Education bosses are facing questions over the events leading up to a top performing arts school closing to new students.
Last week Cathedral Academy for Performing Arts (CAPA) said no new students could enrol this September.
CAPA had been unable to secure a premises for an expanded sixth form as part a new “free school” which would eventually take up to 500 students.
The existing Thornes Road college was to take its normal cohort of 50 students next term, but could not do so after the proposed Leeds city centre premises for the free school fell through.
Department for Education rules say free schools cannot be set up unless they have secured a permanent premises.
It has since emerged that a planning application on the Leeds site, One The Embankment, was refused due to traffic safety concerns last Tuesday.
Wakefield MP Mary Creagh has written to Education Secretary Justine Greening about the future of CAPA. Ms Creagh said she wanted to know why an alternative site was not secured by the government’s Education Funding Agency (EFA).
She wrote: “The fiasco has left CAPA college on the brink of closure and dozens of dedicated staff students unsure about their future.
“The closure of CAPA would damage the life chances of young people in Wakefield who aspire to go into the arts.”
The Leeds city centre premises is close to the route of the proposed HS2 rail link. Ms Creagh said: “Why did the EFA continue with the planning application after they were told the site would have a high speed rail line though it by 2032?”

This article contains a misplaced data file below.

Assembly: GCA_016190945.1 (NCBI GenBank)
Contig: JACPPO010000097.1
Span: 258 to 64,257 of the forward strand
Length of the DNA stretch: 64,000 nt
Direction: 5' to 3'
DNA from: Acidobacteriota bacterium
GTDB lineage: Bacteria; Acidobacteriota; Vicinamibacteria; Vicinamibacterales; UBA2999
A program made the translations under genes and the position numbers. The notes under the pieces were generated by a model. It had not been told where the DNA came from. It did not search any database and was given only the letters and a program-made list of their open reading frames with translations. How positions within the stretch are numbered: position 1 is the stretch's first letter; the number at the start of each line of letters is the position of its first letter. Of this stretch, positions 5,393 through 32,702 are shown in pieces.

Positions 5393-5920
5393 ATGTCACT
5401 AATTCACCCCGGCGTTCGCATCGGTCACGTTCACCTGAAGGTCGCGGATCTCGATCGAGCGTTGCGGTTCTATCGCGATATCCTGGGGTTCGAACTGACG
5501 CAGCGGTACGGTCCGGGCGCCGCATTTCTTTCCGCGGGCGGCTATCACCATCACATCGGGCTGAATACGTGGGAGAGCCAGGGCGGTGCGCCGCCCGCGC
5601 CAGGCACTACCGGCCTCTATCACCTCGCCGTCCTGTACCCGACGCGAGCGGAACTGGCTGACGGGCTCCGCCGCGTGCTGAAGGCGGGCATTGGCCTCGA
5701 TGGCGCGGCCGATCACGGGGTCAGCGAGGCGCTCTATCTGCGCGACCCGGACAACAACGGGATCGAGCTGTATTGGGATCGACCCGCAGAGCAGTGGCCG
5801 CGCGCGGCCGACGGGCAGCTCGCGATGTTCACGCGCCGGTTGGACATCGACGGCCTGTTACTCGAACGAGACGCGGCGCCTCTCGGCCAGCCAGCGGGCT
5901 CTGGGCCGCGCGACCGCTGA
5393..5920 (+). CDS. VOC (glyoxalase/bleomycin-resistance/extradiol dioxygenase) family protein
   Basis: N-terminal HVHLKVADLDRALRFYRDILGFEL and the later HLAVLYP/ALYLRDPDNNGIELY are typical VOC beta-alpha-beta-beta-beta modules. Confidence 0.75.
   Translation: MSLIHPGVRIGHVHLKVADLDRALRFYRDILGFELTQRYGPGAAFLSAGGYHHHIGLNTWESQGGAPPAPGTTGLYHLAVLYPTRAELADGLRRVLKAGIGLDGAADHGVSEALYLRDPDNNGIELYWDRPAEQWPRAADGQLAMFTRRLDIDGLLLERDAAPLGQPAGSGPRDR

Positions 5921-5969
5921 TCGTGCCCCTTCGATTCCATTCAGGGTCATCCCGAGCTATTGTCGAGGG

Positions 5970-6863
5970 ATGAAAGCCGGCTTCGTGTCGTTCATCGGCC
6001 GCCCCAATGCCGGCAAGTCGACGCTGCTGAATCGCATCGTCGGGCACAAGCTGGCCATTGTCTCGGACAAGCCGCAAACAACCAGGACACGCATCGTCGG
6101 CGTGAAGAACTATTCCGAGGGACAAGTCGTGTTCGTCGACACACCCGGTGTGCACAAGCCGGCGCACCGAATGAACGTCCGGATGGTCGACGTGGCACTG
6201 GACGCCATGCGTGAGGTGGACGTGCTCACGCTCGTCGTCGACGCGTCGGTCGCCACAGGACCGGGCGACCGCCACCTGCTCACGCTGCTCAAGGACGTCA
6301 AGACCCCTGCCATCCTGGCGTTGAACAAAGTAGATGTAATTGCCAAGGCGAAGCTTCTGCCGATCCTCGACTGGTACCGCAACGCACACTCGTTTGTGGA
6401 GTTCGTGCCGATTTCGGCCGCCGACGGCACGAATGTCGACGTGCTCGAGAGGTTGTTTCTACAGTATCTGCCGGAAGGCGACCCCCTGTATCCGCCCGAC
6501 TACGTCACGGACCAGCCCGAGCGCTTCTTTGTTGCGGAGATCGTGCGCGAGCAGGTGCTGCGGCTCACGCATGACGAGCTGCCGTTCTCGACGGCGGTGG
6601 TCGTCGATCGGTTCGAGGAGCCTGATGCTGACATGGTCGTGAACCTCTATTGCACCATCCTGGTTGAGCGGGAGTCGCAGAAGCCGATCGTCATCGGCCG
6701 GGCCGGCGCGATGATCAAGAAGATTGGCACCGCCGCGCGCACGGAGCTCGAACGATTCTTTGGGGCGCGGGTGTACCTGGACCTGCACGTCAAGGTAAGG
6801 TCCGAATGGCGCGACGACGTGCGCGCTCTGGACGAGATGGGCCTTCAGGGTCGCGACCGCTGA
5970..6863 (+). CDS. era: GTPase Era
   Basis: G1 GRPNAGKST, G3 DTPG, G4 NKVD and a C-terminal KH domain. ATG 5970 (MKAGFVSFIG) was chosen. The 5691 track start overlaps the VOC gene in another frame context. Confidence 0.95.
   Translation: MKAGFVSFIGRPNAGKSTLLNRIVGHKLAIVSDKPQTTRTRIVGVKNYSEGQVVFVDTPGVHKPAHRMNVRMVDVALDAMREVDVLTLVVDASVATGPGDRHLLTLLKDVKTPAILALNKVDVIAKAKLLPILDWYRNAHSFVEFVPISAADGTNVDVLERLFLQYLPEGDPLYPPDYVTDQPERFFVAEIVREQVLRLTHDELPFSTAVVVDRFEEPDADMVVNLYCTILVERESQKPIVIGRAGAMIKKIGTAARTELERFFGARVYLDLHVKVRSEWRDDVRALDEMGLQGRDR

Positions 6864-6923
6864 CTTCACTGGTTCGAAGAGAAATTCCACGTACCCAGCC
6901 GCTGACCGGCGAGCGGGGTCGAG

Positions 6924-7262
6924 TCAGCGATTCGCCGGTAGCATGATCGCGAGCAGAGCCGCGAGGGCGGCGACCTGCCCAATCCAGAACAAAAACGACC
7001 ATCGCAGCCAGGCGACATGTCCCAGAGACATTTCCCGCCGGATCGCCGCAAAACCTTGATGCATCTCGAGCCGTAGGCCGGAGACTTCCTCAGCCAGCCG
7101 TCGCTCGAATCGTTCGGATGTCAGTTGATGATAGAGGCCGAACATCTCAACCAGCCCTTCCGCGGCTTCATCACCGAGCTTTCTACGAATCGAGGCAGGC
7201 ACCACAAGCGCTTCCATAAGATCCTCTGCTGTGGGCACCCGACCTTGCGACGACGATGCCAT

She also asked whether the government had bought the Leeds building, thought to be worth around £10m.
Ms Creagh said: “If so, how much have they paid for the building?
“Or will the EFA pull out of the contract, losing millions of pounds of public money in the process?”
CAPA teamed up with Enhance Academy Trust to set up the free school.
Last week, Enhance said the new academy could still be up and running in 2018 if an alternative building was secured.
A Department for Education spokesman said: “We are working with the trust to find an alternative site for the proposed new free school in the local area.
“The trust are identifying places for pupils nearby and to ensure the transition is as smooth as possible.”
A Leeds City Council decision notice on the planning application said: “A lack of satisfactory pick-up and drop off facilities would lead to unsafe vehicle manoeuvring and localised congestion, which would be detrimental to pedestrian and vehicular safety.”